Researchers at South Korea’s Ulsan National Institute of Science and Technology have developed a new scaffolding technique that speeds up stem cell differentiation for bone formation. Utilizing carbon nitride sheets infused with stem cells, the researchers were able to regenerate bone. The carbon nitride sheets possessed photocatalytic properties, which facilitated bone growth. This study marks an important advancement in treatments for bone fractures and periodontal disease.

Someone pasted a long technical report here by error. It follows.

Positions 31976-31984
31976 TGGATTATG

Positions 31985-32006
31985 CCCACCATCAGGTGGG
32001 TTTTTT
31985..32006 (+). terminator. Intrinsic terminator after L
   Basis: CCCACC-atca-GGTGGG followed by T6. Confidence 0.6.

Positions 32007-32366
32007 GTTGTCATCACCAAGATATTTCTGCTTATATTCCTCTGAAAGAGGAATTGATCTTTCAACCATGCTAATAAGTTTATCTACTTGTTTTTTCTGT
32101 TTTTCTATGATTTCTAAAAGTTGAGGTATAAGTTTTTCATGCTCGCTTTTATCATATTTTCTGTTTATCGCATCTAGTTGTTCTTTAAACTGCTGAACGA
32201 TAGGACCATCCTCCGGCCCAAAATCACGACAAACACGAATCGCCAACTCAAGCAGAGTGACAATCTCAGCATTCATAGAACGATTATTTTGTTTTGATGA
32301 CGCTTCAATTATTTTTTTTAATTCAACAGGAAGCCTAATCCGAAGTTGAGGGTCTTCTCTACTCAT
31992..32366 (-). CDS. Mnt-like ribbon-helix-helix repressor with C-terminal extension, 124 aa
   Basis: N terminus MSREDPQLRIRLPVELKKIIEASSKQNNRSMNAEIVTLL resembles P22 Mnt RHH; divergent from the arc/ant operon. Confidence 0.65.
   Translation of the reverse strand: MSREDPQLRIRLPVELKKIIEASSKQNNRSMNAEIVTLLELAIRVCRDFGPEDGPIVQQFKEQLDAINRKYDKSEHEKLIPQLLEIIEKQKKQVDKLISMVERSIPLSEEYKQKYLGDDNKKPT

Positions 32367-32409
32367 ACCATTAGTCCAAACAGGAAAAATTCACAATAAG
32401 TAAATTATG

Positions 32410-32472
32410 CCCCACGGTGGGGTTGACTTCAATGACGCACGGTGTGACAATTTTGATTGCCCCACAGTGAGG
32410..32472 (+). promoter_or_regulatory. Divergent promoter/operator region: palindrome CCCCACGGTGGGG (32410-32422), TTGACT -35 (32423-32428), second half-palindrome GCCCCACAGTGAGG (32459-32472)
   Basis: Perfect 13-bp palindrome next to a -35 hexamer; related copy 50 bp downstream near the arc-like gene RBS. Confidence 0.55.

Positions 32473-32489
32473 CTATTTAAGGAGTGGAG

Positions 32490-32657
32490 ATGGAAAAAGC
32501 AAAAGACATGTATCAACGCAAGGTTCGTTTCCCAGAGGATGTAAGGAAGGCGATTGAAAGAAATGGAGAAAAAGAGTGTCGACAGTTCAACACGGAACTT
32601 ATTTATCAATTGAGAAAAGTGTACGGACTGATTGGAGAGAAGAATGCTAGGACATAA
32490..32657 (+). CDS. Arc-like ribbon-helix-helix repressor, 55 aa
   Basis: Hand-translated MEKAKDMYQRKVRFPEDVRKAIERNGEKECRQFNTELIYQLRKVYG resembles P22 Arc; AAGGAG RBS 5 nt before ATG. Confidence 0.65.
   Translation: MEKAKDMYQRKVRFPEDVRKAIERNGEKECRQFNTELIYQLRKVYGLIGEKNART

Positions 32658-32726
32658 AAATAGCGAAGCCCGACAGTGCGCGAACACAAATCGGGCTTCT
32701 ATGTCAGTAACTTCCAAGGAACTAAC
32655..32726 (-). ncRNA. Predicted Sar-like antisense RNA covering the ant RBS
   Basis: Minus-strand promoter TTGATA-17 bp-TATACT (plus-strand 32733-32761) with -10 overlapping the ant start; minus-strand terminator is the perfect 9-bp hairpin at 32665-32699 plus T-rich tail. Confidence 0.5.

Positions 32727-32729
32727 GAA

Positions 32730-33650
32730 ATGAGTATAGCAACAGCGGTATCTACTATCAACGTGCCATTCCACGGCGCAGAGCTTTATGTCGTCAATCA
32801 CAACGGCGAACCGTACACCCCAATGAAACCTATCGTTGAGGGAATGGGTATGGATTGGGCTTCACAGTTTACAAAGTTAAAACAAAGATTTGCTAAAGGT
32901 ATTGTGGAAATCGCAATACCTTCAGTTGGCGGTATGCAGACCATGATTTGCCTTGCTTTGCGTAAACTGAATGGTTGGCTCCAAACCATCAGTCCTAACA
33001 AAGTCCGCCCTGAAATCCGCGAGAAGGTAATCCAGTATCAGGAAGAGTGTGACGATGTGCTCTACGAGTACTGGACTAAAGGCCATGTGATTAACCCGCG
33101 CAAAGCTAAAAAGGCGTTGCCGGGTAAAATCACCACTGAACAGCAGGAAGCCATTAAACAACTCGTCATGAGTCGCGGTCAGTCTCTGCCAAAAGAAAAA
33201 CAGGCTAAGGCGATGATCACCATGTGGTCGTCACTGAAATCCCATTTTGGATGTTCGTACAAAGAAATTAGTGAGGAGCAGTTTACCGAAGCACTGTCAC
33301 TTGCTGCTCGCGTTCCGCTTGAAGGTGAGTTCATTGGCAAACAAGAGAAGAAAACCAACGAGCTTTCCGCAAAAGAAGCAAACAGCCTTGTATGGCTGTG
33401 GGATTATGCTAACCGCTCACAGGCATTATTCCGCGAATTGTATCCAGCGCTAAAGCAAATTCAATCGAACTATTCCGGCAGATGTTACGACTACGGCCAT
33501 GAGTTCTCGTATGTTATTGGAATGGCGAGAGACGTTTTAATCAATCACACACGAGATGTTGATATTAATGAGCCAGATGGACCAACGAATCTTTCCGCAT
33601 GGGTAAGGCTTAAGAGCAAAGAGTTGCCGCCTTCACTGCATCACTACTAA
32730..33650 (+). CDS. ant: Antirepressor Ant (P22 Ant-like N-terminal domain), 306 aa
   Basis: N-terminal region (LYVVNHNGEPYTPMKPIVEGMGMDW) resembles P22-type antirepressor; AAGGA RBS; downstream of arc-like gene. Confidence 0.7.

A team of researchers at the University of Glasgow are utilizing 3D printers to create bone scaffolds that, when coated with a growth substance and stem cells, will continue to grow into bone in the implanted body. The aim of utilizing synthetically grown bone replacements is to create a readily available technology that can be used around the world, especially in places abundant with landmines. This is an important breakthrough for landmine blast survivors whose only option is usually amputation.